There were no peaceful walks in the garden for a while, nor visits from her ladyship in the north. Given a choice between lashing out at his subjects and servants or sequestering himself where he could harm no one, Hades chose the latter, in the form of long chariot rides where he wearied the horses as well as himself. He appeared in the throne room only when it was absolutely necessary. Sometimes he sat for long stretches by the mouth of Tartaros, staring at the huge black plate that sealed it and wondering what would happen if he lifted it off.
At last he broke down and wrote his own letter, addressed to Hekate. It said only, “Tell her she is welcome, if she will come home.”
He did not receive an immediate reply. Time passed and he refused to bother reckoning it. It was on a day when he had gone back to the gardens, at last, that he heard an unfamiliar chariot approaching, occupied by two women: Hekate and his wife.
Hades stood by the garden gate, watching as Hekate slowed the horses, stepped down from the chariot, patted the horses as she passed by them, and offered both hands to the mantled figure who had ridden with her. His heart ached to see his wife alight clumsily, leaning on the other goddess’ hands. They approached him together, Hekate’s arm around Persephone, who was wrapped in purple from head to foot.
At last Persephone bared her head and looked at him. “My lord.”
Her face was thinner but her shape fuller, unless the mantle deceived him. Her eyes looked sore and bruised. He wanted to take her in his arms. Instead, he bowed deeply. “My lady wife.” And held out his hand.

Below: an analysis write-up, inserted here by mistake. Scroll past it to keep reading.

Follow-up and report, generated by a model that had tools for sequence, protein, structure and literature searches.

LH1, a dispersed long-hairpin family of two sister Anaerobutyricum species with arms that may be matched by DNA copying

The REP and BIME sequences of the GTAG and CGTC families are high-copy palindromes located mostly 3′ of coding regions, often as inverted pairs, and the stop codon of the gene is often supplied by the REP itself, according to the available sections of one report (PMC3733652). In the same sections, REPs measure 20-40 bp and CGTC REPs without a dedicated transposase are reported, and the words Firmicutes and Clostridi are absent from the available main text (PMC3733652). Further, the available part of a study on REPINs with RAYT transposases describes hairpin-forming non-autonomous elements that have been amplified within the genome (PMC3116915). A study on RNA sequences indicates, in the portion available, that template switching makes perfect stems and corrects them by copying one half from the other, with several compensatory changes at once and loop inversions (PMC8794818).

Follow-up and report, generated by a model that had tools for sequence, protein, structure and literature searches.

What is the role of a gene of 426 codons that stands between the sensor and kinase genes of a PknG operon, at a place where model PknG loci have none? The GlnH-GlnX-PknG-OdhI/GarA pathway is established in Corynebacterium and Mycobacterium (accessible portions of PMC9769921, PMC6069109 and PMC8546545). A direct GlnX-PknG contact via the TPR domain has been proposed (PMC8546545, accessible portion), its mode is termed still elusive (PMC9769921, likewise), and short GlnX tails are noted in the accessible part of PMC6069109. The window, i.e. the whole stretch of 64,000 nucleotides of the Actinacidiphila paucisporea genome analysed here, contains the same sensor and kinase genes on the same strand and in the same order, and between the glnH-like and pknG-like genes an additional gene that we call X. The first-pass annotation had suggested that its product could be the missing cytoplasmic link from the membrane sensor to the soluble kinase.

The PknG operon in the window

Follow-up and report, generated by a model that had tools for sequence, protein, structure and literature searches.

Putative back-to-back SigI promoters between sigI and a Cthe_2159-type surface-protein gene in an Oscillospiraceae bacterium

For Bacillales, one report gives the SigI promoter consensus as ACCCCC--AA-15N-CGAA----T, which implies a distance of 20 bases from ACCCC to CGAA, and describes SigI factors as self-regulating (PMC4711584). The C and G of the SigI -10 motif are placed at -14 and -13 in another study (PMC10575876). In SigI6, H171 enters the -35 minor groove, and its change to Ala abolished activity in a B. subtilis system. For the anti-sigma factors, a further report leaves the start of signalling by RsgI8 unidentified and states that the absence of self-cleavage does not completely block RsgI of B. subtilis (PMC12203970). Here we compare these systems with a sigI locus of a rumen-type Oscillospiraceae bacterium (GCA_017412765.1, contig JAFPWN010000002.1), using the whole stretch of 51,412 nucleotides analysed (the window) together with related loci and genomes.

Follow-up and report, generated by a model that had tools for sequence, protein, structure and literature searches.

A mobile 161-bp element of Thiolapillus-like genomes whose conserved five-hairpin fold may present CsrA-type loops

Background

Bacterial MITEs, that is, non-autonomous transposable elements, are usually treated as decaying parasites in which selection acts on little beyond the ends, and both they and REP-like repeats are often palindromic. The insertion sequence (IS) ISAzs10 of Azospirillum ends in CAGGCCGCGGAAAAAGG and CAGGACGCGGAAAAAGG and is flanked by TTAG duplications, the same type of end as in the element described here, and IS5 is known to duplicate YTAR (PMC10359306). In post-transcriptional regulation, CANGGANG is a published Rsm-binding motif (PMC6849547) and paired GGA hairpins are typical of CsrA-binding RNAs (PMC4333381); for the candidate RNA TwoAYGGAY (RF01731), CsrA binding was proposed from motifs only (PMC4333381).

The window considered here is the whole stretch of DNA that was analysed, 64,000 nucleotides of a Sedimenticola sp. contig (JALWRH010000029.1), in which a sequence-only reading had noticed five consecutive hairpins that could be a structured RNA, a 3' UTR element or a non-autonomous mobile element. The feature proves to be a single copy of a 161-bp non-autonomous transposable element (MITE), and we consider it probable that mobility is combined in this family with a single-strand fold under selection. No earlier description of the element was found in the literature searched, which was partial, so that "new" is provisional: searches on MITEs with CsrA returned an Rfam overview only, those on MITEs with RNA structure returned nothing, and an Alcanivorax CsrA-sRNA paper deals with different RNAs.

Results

A brief eternity passed before she took it. Her small hand was cold and weak. Hekate nodded and turned back to her chariot as he led his wife into the gardens.
He sat down on a bench, hoping she would join him. He thanked Fate that she did, even though she kept some distance between them. He tried to think of something to say.
“The gardens look neglected,” she said finally, in a tiny voice.
“Their caretaker was gone. The plants have missed you.” So have I, he wanted to add.
Persephone shifted inside the purple mantle. He thought she was rubbing her belly, in the way of all pregnant females of every kind. “I needed some time to myself.”
“Of course. Understandable.”
“And I wasn’t sure if….” She bit her lip, glanced up at him. Her mouth was trembling, and he wanted to kiss it in reassurance.
“If I would still want you?” It was the wrong thing to say, or perhaps the right thing. Persephone began crying, silently, but rocking back and forth on the bench as the tears went on. And on.
He feared that putting his arms around her like a husband would only hurt her. So instead Hades, lord of the underworld, receiver of the numberless dead, went down on his knees before his wife and clasped her legs like a supplicant.
“Dearest wife. I do not blame you. It is not your fault. My anger is for… the deceiver who outraged you, not for you. I only want you to be well.”
Her weeping slowed a little, and he made bold to reach up and stroke her hair. “I thought we were getting on well together, after a difficult beginning. I fear now that I have lost your affections forever. But please, however you feel about me, allow me to take care of you, and of your child. Let it be my child, too. Our child.”
She raised her face from her hands, as tear-stained and blush-blotched as any mortals. Her eyes searched his. And she threw her arms around his neck and wept afresh.